In this part of the MURI, we propose to investigate the permanent transformation of a portion of a surface of silica, an acidic oxide, into MgO or CaO, basic oxides, for the purpose of developing a simple micro-mixing chamber within a micro- or nanofluidic device. The extent of transformation and effects of patterning oppositely charged oxides in intimate contact have not been explored previously, and will require an in depth analysis of processing conditions and fluid stream design for full exploitation. Modeling of the micro-mixer will be conducted using a simplified geometry for an analytical solution, and using numerical solvers to obtain a full three-dimensional model. It is anticipated that this research will lead to simplified approaches to integrated micro-mixing chambers for microfluidic devices, thus simplifying the design and fabrication of these devices.

Key Questions to be Addressed

The basic approach of using oppositely charged oxides within a confined chamber for induced mixing will be examined in this application. In order to achieve a perfectly repeatable micro-mixer, the following basic questions will be addressed:

  1. Can a simple and reliable fabrication protocol for an integrated microfluidic mixer be developed from the basic transformation process described in Thrust #3?
  2. Can oxides of opposite signs be patterned to be intimately in contact and retain their individual chemical characteristics?
  3. How thick must the basic oxide layer be to mask out the charge/potential of the acidic oxide it is replacing?
  4. Does the micro-mixer behave in the predicted manner according to standard electroosmotic models?

Fabrication of Micro-Mixer by Selective Transformation of SiO2

The application will be demonstrated with a simple microfluidic system that can easily be optically interrogated, made from microchannels in polydimethyl siloxane (PDMS, silicone rubber) bonded to a monolithic SiO2 substrate with a patterned region transformed into the basic oxide. The microchannels will be fabricated using standard photolithography, followed by pouring the PDMS with a cross-linking agent over the wafer. After the PDMS has cured into its rubber state, it is pealed off the wafer leaving microfluidic channels in the negative of the photoresist. Fluidic connections will be made through tubing placed through the PDMS mold, and electrical connection to the reservoirs will be made through the fluidic connections.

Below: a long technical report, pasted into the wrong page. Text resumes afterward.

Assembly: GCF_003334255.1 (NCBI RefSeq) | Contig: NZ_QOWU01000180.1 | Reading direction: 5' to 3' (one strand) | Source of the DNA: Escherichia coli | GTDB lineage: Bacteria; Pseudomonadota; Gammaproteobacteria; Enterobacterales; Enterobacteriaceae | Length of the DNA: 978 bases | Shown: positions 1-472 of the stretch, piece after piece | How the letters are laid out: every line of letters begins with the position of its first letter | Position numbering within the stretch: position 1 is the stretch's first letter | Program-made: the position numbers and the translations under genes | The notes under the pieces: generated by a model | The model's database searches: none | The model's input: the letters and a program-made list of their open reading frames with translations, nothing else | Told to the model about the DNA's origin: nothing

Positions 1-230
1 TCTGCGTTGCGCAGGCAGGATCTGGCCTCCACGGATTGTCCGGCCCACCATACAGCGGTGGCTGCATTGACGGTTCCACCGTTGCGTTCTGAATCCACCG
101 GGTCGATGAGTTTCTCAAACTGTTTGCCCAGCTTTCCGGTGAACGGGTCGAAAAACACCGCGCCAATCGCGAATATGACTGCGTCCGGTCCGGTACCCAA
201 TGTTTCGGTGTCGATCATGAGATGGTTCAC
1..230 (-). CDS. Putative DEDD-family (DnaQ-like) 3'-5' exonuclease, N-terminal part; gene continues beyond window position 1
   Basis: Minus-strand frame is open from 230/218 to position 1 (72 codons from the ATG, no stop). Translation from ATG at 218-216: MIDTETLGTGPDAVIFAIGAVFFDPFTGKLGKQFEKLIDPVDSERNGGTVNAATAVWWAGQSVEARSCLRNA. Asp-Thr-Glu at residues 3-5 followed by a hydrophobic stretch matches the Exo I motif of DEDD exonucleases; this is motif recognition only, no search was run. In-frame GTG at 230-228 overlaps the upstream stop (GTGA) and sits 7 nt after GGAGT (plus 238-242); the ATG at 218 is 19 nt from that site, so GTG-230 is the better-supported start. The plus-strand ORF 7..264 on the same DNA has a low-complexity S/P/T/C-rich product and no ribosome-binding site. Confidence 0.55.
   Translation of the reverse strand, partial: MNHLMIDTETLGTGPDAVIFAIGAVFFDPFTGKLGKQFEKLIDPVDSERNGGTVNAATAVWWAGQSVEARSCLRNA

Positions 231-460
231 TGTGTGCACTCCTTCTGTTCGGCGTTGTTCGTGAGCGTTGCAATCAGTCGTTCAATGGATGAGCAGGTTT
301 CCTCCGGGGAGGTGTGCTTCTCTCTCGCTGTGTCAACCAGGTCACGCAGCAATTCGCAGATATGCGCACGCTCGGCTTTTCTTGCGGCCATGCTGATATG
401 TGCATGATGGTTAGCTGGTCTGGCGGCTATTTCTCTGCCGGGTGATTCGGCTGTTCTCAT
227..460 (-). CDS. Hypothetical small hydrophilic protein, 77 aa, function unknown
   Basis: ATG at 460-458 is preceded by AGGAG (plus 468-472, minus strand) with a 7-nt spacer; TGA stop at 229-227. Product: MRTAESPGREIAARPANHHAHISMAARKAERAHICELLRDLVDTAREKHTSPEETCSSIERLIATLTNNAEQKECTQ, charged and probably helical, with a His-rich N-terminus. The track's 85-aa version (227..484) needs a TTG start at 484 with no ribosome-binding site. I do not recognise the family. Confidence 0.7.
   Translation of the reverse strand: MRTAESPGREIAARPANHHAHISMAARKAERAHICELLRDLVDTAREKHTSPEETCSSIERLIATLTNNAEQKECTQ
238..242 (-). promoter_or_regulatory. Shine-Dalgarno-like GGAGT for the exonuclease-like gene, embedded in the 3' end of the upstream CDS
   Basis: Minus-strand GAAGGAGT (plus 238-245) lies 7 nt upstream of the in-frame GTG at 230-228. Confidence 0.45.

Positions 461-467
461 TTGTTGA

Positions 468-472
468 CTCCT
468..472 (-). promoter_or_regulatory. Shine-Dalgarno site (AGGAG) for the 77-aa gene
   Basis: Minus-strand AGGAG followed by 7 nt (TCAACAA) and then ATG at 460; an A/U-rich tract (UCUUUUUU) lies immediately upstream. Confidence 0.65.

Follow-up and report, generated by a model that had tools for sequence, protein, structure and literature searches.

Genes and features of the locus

The critical component of the microfluidic mixer is the mixed oxide substrate, which will be produced using a selected area version of the transformation process described in Thrust #3. Openings will be produced in an amorphous carbon layer on the SiO2 substrate using a lift-off process. This carbon layer will act as a mask so that only open regions will be exposed to the gaseous Mg and therefore transformed into MgO. By aligning this patterned basic oxide with the PDMS microfluidic component, a mixing chamber with both basic and acidic oxide surfaces can be produced. Nanometer-scale fluidic mixing chambers can be produced in an analogous protocol, with the difference being in the thickness of the initial polymer layer for the PDMS mold.